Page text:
Looking ahead, the main euro area data focus later this morning will be the flash inflation estimates for November. With German, French and Spanish figures having posted increases of 0.3ppt on the EU-harmonised measure, to 1.2%Y/Y, 1.2%Y/Y and 0.5%Y/Y respectively, we now expect a slightly firmer uptick in the euro area’s headline CPI rate by 0.3ppt from October’s near-three-year low to 0.9%Y/Y. The increase will in part reflect a softer pace of decline in energy inflation. However, we also anticipate a modest increase in core inflation, by 0.1ppt to a seven-month high of 1.2%Y/Y, nevertheless still consistent with subdued underlying price pressures.

Today will also bring euro area unemployment figures for October, which are expected to show that the headline rate moved sideways at the eleven-year low of 7.5%. November’s labour market data from Germany – where all recent job growth has come from the public sector as businesses have faced up to the weak demand environment – will also be published.

Looking ahead to the weekend, tomorrow afternoon will see Germany’s Social Democrat Party (SPD) announce the outcome of its leadership contest, an event that could have a significant bearing on the future of the government coalition (GroKo) in which it is the junior partner with Merkel’s CDU/CSU alliance. If, as expected, the party membership elect Finance Minister Olaf Scholz and his running mate Klara Geywitz, the GroKo should last the remainder of its term until 2021. But if – as the party’s youth wing hopes – Scholz and Geywitz lose out to their opponents, Norbert Walter-Borjans (former Finance Minister of North Rhine-Westphalia) and left-leaning GroKo critic Saskia Esken, then doubts about the coalition’s future – and that of German politics – will dominate the start of next week.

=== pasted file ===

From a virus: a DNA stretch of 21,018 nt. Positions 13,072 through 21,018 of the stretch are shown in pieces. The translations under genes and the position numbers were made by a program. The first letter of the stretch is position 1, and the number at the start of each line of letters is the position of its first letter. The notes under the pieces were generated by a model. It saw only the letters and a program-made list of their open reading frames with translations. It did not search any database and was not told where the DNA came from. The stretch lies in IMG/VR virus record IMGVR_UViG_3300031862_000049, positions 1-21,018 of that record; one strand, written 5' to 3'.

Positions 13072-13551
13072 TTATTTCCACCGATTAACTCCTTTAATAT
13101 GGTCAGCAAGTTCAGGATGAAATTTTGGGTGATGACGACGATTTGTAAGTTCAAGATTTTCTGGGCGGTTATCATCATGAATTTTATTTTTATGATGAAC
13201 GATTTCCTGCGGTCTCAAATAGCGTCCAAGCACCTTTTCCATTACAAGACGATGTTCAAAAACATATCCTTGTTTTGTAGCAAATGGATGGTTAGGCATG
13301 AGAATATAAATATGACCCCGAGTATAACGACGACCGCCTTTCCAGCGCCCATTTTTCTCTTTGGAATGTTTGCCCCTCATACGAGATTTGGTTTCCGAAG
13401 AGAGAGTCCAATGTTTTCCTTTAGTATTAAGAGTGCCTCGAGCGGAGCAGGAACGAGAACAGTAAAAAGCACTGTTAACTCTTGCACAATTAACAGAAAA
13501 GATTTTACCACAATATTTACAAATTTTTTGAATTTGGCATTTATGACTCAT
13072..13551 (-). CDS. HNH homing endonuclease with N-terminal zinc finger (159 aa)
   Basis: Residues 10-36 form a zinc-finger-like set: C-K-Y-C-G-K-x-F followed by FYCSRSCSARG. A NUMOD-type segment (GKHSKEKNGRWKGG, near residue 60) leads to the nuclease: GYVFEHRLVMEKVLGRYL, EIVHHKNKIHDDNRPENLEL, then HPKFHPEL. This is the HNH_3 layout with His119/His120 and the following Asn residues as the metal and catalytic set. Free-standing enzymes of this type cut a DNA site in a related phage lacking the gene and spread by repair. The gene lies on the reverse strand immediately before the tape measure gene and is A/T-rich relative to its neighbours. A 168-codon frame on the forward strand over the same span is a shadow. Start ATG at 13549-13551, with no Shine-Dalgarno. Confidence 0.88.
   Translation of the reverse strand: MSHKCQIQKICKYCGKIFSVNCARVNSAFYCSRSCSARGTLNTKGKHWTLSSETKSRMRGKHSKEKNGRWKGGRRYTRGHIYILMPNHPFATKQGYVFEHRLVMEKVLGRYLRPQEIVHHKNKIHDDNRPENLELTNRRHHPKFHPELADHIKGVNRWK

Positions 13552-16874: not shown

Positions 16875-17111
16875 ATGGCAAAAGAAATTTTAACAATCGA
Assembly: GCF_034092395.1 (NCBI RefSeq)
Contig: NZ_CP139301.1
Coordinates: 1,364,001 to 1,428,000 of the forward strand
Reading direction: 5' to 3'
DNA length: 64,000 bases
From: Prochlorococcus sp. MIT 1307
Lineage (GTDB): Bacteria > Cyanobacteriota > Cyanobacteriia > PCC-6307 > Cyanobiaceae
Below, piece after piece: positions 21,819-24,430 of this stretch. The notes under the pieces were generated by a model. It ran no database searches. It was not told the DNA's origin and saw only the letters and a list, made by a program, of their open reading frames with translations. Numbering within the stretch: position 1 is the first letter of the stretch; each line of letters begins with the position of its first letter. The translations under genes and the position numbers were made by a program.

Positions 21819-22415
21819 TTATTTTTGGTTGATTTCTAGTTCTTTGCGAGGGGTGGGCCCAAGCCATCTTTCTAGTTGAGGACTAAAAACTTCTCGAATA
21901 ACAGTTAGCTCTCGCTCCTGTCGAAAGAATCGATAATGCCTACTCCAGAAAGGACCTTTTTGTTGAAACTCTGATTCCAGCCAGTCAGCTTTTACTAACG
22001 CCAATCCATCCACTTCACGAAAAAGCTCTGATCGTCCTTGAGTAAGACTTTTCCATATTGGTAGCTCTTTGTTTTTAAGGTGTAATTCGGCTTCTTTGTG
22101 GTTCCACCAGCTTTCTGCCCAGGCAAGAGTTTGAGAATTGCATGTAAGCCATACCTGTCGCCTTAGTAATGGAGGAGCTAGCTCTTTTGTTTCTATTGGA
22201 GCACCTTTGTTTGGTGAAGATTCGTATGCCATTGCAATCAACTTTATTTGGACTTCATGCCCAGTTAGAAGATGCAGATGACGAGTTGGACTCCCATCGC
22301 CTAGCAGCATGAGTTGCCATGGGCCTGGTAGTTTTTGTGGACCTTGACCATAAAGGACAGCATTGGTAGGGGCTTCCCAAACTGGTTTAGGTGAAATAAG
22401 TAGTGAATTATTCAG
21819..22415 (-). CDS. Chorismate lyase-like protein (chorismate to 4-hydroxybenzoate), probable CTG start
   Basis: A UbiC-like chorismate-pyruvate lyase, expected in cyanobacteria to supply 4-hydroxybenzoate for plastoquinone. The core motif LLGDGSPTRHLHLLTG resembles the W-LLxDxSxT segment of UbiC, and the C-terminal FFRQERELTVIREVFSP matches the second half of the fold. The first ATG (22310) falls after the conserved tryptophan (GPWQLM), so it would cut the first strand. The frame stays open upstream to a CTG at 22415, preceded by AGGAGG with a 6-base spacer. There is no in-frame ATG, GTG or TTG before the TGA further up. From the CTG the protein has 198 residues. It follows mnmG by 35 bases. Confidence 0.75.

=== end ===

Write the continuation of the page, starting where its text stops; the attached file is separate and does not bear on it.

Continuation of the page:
UK:
Perhaps unsurprisingly given the dire choices on offer to voters at the forthcoming general election, the latest GfK survey results suggested that UK consumers remain downbeat. The headline survey indicator remained unchanged in November at -14, matching the lowest reading in more than six years. And within the detail, the sub-indices related to assessments of individuals’ personal financial situation and the general economic situation were little different to last month. That’s also true of the survey measure for the climate for making major purchases, although the 1pt decline to 0 left it at the lowest level since June.

Against this backdrop, the Bank of England’s lending figures for October due later this morning might well show a further slowdown in consumer credit growth at the start of Q4. Demand for mortgage lending might well have moderated too, which would be broadly consistent with the UK Finance figures published earlier in the week, showing a fall in the number of mortgage approvals in October to their lowest for seven months.

Australia:
Today’s Australian private sector credit data showed that overall credit growth remained subdued at the start of Q4. Indeed, while there was a further modest increase in the monthly flow of credit in October, this left the year-on-year rate of growth moderating 0.2ppt to 2.5%, the softest pace for 9½ years.

Within the detail, the monthly flow of housing loans picked up slightly (up 0.1ppt to 0.3%M/M), consistent with the return of life to the housing market, although the respective annual growth rate moderated 0.1ppt to 3.0%Y/Y. However, consumer credit remained weak in October, recording the thirteenth consecutive monthly decline (-0.6%M/M), to leave the amount of personal loans down 4.7%Y/Y, the steepest such decline for more than a decade. And disconcertingly, there was a weakening in business lending for the first month since January 2017 (albeit down just 0.1%M/M), to leave the annual rate of growth in this component (+2.7%Y/Y) at its weakest since 2014.